By the time we left Fort Tilden it was not yet 9AM and we already had almost seventy species checked off the list. We headed for Jamaica Bay, spotting Boat-tailed Grackles along the way, and did a brief walk in the south gardens hoping for more migrating passerines (but not finding any that we needed) before we headed onto the East Pond for shorebirds and whatever else we could find. A young Bald Eagle, our second of the day, preceded us onto the pond but the first good birds we spotted on the actual pond were a quartet of Northern Pintails that conveniently flew right past us.

one of the four pintails

We had a single Stilt Sandpiper, lots of Semipalmated and Least Sandpipers, a bunch of White-rumped Sandpipers, the usual herons and egrets, and several species of puddle duck. Then, in quick succession, a trio of Pectoral Sandpipers flew in and landed in front of us, Mary spotted a Little Blue Heron, and Seth found the American Avocet way up in the north end, probably a half-mile away. While trying to get the avocet in my scope I settled on a distant white bird that didn’t look right and it eventually turned its head to reveal a brick-red bill on a head with a dark cap. Caspian Tern! The birds were piling up! Then the avocet decided to make things easy for the team coming up behind us and flew down the length of the pond to land directly in front of us at the raunt.

This is more like the look you want when seeing an avocet.

It foraged in front of us until we left, completely unconcerned about our presence.

Of course, this being a big day, it was the one time that a Peregrine Falcon did not strafe the pond so we left with a nice haul of birds but missing the fastest bird in the world.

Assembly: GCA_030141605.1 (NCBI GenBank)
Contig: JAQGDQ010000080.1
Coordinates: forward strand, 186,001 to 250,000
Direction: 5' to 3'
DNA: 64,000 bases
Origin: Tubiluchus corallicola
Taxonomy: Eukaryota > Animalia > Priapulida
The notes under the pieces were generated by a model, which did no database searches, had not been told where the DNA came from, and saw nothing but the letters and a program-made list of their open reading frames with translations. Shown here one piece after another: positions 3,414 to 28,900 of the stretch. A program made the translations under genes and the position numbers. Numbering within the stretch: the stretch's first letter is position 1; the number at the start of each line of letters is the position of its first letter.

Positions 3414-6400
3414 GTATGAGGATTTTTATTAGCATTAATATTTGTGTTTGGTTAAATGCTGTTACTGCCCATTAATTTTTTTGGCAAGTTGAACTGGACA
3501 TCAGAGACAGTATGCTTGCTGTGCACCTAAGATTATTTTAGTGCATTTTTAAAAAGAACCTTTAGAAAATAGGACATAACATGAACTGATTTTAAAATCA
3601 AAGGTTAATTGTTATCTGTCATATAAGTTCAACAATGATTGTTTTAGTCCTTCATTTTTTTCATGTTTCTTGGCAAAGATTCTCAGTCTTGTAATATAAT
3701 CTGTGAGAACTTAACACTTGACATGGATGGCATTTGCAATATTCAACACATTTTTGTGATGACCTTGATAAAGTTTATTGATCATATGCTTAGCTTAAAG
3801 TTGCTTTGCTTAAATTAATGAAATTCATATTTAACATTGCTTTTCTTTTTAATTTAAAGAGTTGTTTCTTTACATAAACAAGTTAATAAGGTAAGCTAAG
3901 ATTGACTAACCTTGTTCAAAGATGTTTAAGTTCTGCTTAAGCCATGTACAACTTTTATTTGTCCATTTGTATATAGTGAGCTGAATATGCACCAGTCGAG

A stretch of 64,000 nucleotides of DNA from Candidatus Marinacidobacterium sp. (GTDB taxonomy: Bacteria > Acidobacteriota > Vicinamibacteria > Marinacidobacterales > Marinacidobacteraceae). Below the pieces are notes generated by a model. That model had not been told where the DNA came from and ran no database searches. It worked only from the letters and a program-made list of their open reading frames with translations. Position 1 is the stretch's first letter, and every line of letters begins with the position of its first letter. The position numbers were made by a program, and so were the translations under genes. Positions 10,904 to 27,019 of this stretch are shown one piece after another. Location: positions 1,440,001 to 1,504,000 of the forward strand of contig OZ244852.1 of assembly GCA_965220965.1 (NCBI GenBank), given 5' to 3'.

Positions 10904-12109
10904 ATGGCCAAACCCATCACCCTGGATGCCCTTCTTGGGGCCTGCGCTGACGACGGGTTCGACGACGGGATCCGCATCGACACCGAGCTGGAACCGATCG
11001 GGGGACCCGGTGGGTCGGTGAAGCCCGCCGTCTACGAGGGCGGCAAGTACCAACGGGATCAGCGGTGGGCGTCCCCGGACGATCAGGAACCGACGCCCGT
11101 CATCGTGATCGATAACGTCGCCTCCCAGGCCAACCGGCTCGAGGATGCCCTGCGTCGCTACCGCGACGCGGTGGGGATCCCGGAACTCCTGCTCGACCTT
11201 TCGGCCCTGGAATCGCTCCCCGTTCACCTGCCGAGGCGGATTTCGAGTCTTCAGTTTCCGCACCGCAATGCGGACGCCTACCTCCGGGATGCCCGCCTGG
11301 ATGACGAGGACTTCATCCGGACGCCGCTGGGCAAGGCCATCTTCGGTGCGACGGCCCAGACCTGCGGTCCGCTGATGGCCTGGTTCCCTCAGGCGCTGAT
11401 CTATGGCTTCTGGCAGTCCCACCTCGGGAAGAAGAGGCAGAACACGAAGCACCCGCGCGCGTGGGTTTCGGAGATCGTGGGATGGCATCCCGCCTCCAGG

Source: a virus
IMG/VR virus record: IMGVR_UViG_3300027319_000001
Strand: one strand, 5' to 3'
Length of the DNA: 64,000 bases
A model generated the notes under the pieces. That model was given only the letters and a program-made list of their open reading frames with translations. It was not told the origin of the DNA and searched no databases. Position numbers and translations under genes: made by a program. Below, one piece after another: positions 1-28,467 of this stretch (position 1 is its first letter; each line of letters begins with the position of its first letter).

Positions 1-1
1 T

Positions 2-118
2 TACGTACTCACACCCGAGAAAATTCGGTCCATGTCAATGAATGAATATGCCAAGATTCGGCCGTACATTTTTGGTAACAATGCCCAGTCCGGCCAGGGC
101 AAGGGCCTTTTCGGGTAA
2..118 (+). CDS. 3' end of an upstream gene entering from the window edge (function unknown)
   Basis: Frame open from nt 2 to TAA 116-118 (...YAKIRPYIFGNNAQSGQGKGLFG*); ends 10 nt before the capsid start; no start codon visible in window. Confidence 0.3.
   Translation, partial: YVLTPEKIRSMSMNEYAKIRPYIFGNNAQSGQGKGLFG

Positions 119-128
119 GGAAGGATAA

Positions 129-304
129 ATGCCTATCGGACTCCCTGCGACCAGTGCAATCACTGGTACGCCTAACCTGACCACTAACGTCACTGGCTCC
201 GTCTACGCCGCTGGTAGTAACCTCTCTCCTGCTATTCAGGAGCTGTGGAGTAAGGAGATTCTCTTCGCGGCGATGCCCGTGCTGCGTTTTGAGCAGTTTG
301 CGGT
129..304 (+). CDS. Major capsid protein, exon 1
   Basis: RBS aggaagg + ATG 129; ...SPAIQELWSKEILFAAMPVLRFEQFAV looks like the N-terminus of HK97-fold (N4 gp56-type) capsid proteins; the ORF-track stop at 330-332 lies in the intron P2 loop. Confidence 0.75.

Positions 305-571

But we couldn’t worry about that! On to Alley Pond Park to search through the aralia for wood-warblers and vireos attracted to the berries. As soon as we got out of the car Stephane picked up on two Turkey Vultures flying overhead, our only ones of the day. A nice omen, we thought. We gradually added to our species list with a Chipping Sparrow here and a Hairy Woodpecker there. Scarlet Tanager and Bay-breasted Warbler were two nice finds and we left Alley Pond Park north of 100 species but still missing some basic birds like Tufted Titmouse, Red-tailed Hawk, Belted Kingfisher, and Green Heron.

As we headed east into Nassau and Suffolk Counties a dispute about our planned afternoon itinerary developed and we ended up doing quick stops at quite a few locations, picking up birds here and there but never getting the numbers of species we thought we needed. Cow Meadow Park gave us Spotted Sandpiper and Glossy Ibis, Cammann’s Pond Park gave us Yellow-crowned Night-Heron, Jones Beach netted us Least Tern, Red Knot, Peregrine Falcon, and Ruddy Turnstone. More stops on the south shore and sightings while driving got us Northern Harrier, American Kestrel, and Greater Yellowlegs. At one point Stephane spotted our third Bald Eagle of the day, absurd considering we still didn’t have a Red-tailed Hawk!